o Sally ostensibly stayed to provide companionship to Russell, but in truth only because she wanted to spend another morning in the wellness center (both Sally and Russell later hiked up the shorter direct route to the pass, thereby maintaining their 100% by foot H2H record).
o Lidia and Ioana and Beatrice took a train up to the mid-way point, in order to (very sensibly) conserve energy for the days ahead. The hike as planned involved 1790m of ascent over some 8 hours, which would probably have left some or all of them unable to hike the following day.
Thus was I left at the mercy of Arnulf, who, duly energized by competitive testosterone flows, charged up the side of the Eiger at a blistering pace. For safety reasons -- because no-one should hike alone on the Eiger -- I was of course forced to follow closely ;-). Thus we completed what should have been five hours of hiking in around 2.75h (pant, pant, pant).
Despite the ridiculous speed, I still looked around as much as I could, and the views were breathtaking, with the Eiger towering above and the vast valley of Grindelwald spread out below. We saw hardly a soul until we got to the point at which we had agreed to meet the three train-takers, at the beginning of the Eiger trail proper. Thereafter the views remained beautiful but the solitude was over: we must have encountered well over a hundred people over the next 2.5 hours as we hiked up to the Eiger Gletscher Station.
And the Kleine Scheidegg pass is no better, with its multiplicity of hotels, restaurants, tourist boutiques, train station, and even a teepee or two. Ioana was quite saddened by the rampant commercialism, but I pointed out that it was probably better that it all be in one place rather than spread throughout Switzerland, and anyway, the Jungfrau railway (which is what most of the tourists comes there to see) was finished in 1912 (started 1895), so it isn't as if this is anything new.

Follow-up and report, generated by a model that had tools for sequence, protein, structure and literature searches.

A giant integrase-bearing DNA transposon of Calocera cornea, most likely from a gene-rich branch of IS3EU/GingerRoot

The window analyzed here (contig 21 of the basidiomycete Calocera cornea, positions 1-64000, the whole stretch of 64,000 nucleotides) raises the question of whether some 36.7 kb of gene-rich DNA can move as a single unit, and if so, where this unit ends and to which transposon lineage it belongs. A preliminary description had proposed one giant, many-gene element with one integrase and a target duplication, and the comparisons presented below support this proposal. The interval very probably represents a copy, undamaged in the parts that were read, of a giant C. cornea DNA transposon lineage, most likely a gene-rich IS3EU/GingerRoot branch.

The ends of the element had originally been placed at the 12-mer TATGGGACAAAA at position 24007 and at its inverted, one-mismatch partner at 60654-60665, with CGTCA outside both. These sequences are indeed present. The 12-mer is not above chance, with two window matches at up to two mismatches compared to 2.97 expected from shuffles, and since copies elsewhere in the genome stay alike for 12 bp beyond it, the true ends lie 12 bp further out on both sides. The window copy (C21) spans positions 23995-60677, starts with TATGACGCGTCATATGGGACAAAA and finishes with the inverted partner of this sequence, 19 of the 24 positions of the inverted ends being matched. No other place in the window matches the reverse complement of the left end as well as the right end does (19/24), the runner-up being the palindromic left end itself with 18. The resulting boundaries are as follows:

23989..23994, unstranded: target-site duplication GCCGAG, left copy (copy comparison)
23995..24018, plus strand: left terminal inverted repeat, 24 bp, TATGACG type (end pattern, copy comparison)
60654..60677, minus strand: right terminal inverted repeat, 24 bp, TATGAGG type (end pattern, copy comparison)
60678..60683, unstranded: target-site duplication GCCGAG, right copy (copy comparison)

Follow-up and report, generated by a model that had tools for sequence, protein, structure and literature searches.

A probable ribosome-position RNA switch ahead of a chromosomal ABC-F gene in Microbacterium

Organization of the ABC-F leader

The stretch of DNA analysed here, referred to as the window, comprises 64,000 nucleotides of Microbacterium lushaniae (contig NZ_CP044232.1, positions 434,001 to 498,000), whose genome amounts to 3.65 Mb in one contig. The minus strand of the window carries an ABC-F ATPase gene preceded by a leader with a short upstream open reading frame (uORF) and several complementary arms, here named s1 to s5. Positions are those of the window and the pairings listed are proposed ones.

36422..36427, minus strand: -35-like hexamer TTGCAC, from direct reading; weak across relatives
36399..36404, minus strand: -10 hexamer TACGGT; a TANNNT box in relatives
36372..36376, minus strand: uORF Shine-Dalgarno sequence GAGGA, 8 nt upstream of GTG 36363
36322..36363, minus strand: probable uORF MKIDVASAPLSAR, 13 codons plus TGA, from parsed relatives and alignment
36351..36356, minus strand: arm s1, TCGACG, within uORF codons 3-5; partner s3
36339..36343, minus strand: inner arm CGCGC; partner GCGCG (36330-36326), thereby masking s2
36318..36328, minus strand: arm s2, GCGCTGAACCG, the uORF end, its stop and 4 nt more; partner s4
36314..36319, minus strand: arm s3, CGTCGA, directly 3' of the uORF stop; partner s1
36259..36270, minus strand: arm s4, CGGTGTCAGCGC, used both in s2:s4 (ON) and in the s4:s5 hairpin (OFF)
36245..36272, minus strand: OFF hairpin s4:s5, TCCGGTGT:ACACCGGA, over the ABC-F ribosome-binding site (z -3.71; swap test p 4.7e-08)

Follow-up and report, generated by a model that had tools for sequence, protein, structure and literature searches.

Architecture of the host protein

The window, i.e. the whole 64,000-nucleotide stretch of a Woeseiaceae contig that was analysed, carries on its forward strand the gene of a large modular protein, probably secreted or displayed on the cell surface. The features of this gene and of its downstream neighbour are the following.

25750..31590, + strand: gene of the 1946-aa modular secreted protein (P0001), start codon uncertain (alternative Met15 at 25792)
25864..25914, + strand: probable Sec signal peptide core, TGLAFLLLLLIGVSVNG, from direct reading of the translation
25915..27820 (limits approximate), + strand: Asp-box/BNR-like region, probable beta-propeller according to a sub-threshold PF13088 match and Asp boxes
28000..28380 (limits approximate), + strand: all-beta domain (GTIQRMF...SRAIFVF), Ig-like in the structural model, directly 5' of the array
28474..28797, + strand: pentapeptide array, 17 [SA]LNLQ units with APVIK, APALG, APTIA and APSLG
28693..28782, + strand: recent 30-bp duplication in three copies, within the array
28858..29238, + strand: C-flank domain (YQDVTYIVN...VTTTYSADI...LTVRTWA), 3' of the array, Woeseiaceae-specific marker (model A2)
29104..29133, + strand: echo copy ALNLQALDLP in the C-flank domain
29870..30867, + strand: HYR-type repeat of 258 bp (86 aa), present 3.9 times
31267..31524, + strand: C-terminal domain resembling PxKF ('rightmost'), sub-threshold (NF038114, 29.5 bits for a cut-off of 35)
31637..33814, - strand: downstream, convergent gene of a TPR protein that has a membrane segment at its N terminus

We stayed at the appropriately named Hotel Bahnhof, squeezed in between the train lines coming up from Grindelwald and Lauterbrunnen, and going up to the Jungfrau Joch (at over 3400m the highest station in Europe, as their advertizing never tires of repeating). I've actually never been up it, unlike (it seems) the majority of Japanese, of whom a staggering number pack the trains that leave every 15 minutes or so. I can't really see the attraction, I must say, but I suppose I'm never going to be a typical participant in mass tourism.
What Hotel Bahnhof lacked in style and elegance, it made up for with clean rooms and facilities and plentiful tasty food. I assured Ioana that tomorrow's hike would be different and as usual we went to bed early: asleep by 10, I think.